In 2019, Netflix announced that a Magic: The Gathering television series would be coming to the streaming service.
Joe and Anthony Russo of Marvel movie fame will be heading the animated project, and, while it won’t be canon, it will have a ton of familiar characters and the like. The series is supposed to come out some time in 2021, and the budget is supposed to be high, but, thanks to COVID-19, there might be a few changes.
And while that is all well and good, this isn’t Wizards of the Coast’s first time attempting something like this. In fact it’s not even the second. Ever since the turn of the millennium, there has been attempts at making a MTG TV series or motion picture. Things always seemed to fall apart, however.
The first attempt happened in 2001. That year, Mark Rosewater had just gotten off of watching a big miniseries and decided that Magic: The Gathering should have one as well. So he went about writing a screenplay for it. After all, he penned a few episodes of the sitcom Roseanne back in the day.
“My miniseries took place in a world where everyday people dueled with magic,” said Rosewater. “My protagonist came from a white-aligned village and was well steeped in the white-aligned philosophy of magic and style of dueling. During the course of the miniseries, he was forced to venture out and learn about all the colors, completing quests along the way. This led to a final big duel against the man who had killed his father many years before."
“The miniseries ran over three nights and was my attempt to let the audience get a really good understanding of what each of the five colors represented," he continued. "It was also set up to show a lot of the creatures and spells from the game, as well as a lot of dueling with magic.”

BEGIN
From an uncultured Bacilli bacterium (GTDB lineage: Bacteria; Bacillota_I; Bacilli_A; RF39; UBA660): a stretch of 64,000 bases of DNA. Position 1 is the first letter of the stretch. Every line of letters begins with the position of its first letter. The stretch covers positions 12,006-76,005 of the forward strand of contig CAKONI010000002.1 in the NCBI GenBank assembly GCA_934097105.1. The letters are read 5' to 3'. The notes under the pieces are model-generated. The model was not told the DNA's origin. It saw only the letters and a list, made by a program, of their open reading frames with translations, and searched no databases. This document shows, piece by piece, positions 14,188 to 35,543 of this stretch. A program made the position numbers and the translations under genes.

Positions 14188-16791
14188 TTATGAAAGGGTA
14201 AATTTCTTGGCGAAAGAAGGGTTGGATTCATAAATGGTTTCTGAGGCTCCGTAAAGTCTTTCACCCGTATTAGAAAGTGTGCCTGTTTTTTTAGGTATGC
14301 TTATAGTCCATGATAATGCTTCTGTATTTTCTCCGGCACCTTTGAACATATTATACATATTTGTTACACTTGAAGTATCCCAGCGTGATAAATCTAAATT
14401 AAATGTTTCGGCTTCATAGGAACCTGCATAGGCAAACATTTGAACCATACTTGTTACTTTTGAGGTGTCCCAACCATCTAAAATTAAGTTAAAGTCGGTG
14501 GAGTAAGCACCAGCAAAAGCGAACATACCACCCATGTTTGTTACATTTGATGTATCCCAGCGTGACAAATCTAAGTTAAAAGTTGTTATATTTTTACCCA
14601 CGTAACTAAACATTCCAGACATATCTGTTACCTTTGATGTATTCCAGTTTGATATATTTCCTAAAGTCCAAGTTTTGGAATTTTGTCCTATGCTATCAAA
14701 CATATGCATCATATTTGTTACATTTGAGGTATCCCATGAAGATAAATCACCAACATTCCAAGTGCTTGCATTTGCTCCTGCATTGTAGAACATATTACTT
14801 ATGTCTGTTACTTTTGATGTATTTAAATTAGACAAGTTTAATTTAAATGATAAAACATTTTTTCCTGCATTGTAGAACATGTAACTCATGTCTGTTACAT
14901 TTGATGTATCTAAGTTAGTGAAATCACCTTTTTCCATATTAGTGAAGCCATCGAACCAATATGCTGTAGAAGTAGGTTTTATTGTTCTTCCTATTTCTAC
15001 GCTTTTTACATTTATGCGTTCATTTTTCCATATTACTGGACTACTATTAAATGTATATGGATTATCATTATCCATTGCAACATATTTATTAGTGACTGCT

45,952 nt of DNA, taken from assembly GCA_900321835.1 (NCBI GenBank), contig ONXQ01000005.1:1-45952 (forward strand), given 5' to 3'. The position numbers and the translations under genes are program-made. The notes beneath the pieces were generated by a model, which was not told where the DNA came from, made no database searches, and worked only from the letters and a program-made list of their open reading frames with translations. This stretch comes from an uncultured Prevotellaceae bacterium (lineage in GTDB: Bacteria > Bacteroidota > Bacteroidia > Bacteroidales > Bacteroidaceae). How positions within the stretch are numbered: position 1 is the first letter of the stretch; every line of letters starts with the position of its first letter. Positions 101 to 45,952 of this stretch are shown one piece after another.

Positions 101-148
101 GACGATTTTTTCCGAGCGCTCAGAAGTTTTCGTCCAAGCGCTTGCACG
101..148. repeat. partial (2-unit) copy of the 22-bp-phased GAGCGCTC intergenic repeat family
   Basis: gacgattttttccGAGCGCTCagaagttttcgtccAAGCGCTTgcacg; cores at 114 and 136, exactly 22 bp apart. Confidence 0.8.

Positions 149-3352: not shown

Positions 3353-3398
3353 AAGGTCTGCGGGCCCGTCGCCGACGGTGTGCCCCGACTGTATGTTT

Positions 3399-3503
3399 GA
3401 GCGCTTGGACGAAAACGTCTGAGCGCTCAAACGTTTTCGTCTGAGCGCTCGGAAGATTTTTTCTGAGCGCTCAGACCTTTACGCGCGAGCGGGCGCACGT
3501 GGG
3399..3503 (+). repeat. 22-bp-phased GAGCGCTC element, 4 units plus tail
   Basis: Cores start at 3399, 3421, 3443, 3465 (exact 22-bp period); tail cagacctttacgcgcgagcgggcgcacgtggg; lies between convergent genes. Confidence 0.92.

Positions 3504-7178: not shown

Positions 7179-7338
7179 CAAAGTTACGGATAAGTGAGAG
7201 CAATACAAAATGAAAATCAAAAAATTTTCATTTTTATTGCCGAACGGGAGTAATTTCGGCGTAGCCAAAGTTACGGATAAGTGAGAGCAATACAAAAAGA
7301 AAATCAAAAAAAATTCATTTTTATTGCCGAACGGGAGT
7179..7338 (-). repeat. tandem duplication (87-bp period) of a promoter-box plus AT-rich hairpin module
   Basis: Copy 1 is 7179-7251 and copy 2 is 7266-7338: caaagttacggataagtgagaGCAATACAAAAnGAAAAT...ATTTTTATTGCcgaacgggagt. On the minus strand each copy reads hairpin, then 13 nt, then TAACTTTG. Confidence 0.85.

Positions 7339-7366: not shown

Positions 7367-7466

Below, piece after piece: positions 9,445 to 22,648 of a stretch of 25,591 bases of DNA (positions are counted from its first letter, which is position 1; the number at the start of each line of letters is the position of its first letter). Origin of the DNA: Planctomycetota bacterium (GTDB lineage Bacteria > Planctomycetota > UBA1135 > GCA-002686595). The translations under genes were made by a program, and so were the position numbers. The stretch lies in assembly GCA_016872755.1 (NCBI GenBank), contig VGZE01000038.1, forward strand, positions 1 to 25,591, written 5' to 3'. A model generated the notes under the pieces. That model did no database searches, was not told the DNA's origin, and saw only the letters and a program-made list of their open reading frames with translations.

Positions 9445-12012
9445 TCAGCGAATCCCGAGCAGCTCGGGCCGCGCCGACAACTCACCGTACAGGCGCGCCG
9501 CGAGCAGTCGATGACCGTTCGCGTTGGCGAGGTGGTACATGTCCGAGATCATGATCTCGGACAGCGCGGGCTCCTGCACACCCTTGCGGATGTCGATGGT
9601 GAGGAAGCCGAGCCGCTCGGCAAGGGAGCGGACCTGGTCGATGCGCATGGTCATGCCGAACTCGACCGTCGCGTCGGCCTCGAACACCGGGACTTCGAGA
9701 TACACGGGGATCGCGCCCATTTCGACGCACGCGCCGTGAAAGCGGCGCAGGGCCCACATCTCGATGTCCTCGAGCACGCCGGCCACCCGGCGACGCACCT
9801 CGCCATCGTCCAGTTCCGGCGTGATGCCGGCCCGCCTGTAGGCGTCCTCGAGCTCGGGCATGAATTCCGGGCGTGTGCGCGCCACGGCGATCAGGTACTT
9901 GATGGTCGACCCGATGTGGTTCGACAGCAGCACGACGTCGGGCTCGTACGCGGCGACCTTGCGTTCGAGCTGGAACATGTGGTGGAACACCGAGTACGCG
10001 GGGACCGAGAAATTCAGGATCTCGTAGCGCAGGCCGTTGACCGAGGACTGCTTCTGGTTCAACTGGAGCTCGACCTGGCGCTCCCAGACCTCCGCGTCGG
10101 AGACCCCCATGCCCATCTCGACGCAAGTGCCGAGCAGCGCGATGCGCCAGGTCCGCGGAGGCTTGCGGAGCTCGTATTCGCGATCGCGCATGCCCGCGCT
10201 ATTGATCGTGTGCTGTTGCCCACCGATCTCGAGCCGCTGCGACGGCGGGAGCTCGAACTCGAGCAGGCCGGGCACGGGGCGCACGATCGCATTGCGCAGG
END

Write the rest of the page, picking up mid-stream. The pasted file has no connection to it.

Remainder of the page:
However, before Roswater had the opportunity to send it in to the powers that be, it turned out that Magic R&D wasn't really behind it. Plus, a huge international event just happened causing a bit of a recession. Long story short, it wasn’t exactly the best time to continue on. Fair enough.
Attempt noumber two came about seven years later. It's 2008 and Universal was going on a movie spree of existing properties. This included Magic: The Gathering. And while the movie didn’t happen for numerous reasons we previously covered, there was still a shot at a TV series.
However, the second time around the reasons for not progressing are less fun. The housing bubble had recently burst and caused a bit of a recession. Okay, a lot of a recession. Plus this was the pre-streaming days. Network and cable options were cutting back a bit, and there was no Game of Thrones or other big epic TV show of that ilk to compare it to yet.
And here we are: Attempt number three. Once again, a huge international event (COVID-19) has caused a bit of a recession. But unlike 9/11 or the housing collapse, this time around there is a work from home situation that animators can handle.
Based on the last two times, maybe third time is the charm.